Recent Scientific Accomplishments in Observing,
Understanding, and Predicting Climate Change over the Next Few
- Modeling studies predict that atmospheric aerosols, largely emitted
from human activities, exert a non-uniform cooling effect over the globe. On
average, this effect may be counterbalancing about half of the expected
warming induced by increases in atmospheric greenhouse gas concentrations.
- The decline in snow cover extent in the Northern Hemisphere by about 10
percent over the past 20 years has resulted in a further warming of surface
air temperatures, which is consistent with the observed trend of increasing
water vapor concentration during this time period. Other evidence of warming
includes a decrease in Arctic sea ice, continued melting of alpine glaciers,
and a rise of sea level.
- Information on past changes in the Earth's climate (from ice cores, lake
level data, and other indicators) suggests that the melting of very large
icebergs associated with glacial retreat can perturb ocean circulation
patterns and result in relatively abrupt climate shifts over time periods as
short as decades.
- Oceanographic observations along the central North Atlantic have revealed
a distinct warming in the upper 2500 meters over the past 35 years, suggesting
either a large-scale warming in the ocean or a shifting of large masses of
- Results of measurements of carbon exchange at a site on the Arctic tundra
indicate that the tundra may have shifted from being a net sink for
atmospheric carbon dioxide in the 1970's to a net source of CO2 in
the 1990's. Because of the large reservoir of carbon in tundra soils, the
release of carbon to the atmosphere from tundra ecosystems could have a major
positive feedback effect on the atmospheric CO2 concentration and
on climate change.
- Combined satellite, aircraft, and surface measurements indicate that
significantly more solar radiation may be absorbed by clouds than is currently
predicted by general circulation models. The interpretation of these
measurements is inconsistent with current understanding and therefore requires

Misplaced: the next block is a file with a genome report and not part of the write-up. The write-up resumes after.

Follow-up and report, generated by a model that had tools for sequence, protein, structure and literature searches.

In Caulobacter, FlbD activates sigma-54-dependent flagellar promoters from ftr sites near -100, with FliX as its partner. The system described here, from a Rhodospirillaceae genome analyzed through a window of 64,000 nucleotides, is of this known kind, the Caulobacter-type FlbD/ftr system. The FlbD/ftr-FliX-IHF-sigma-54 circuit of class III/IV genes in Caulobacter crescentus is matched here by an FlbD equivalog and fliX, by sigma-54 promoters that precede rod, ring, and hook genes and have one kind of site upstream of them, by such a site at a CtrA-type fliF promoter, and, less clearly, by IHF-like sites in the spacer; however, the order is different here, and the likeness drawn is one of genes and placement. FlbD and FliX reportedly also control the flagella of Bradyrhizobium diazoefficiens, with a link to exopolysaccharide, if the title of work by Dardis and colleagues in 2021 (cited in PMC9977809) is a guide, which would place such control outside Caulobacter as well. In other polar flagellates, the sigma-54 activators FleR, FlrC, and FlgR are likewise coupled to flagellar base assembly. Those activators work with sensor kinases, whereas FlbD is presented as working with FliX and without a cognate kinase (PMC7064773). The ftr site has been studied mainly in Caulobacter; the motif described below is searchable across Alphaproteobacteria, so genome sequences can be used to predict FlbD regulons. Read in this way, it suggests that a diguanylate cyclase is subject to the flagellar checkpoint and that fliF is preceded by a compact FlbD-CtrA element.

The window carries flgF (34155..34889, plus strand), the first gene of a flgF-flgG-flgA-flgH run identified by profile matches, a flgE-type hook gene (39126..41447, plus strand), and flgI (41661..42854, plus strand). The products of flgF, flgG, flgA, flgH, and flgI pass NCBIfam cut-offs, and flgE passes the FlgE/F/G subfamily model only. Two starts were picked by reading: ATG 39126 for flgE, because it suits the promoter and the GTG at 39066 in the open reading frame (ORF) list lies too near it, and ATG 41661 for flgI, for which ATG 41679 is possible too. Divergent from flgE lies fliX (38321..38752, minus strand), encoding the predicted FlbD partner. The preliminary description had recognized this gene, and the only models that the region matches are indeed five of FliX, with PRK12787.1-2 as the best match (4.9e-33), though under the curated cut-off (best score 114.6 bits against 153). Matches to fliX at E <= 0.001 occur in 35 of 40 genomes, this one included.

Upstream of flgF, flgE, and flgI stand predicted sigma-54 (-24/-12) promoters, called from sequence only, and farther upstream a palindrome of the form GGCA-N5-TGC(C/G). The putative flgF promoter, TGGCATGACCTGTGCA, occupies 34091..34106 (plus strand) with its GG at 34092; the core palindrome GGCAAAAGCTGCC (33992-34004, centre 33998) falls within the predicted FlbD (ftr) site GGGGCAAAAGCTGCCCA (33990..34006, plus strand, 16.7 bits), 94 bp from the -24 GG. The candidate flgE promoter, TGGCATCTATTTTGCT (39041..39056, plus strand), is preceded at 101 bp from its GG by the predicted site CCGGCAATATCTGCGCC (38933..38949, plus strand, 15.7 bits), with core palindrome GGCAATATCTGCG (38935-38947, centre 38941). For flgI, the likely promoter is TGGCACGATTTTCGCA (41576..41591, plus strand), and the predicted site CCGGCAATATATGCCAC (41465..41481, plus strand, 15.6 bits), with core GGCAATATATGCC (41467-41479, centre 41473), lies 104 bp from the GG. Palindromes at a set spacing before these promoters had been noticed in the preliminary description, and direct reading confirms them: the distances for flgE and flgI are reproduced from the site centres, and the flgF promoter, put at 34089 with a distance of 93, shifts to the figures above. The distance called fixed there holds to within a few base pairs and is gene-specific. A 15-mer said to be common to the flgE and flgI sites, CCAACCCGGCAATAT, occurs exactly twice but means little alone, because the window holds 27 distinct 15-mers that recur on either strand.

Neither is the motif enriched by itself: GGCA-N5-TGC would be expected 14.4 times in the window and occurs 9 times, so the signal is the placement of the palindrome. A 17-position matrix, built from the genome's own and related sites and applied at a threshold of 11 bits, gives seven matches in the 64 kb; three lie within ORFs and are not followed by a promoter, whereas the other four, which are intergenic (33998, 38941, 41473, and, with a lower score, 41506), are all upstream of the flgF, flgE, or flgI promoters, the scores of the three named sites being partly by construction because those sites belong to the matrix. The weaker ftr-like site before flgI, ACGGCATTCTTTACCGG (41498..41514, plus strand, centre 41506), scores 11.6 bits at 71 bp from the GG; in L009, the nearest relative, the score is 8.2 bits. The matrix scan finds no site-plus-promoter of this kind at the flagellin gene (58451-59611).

further observational confirmation. If confirmed, these new findings will
require reanalysis of the Earth's radiation balance and the role of clouds in
climate change and could result in significantly improved climate models.
- Results of analyses of the relationship between the growth of boreal
forest trees in northern and central Alaska and climate show that, over the
past 100 years, tree growth at first accelerated but then stabilized as
climate continued to warm. These results indicate that the response of boreal
forest tree growth to climate change may not be simple and linear.
- New research indicates that some species could potentially benefit from
increased atmospheric concentrations of CO2. Experiments on the
interactive effects of exposing agricultural crop species to different
mixtures of atmospheric gases suggest that elevated CO2
concentrations may, for selected species, mitigate the damaging effects of
elevated ozone (O3) concentrations. However some species, such as aspens,
become more sensitive to increased concentrations of O3 if CO2
concentrations are elevated.
- Potential economic impacts of a global warming scenario on U.S.
agriculture were estimated using an approach that accounts for not only the
direct impacts of climate change on crop yields but also potential adaptations
(e.g., crop substitution) by farmers in response to different climates.
Results show a significantly lower overall economic impact of global warming
compared to that estimated by using a simple production-function approach that
does not account for adaptive, profit-maximizing farmers. The results also
suggest that global warming could be beneficial to U.S. agricultural
productivity if irrigated water is not limited.
For comments, please contact the GCRIO Web Team at: email@example.com
Last updated 04/12/96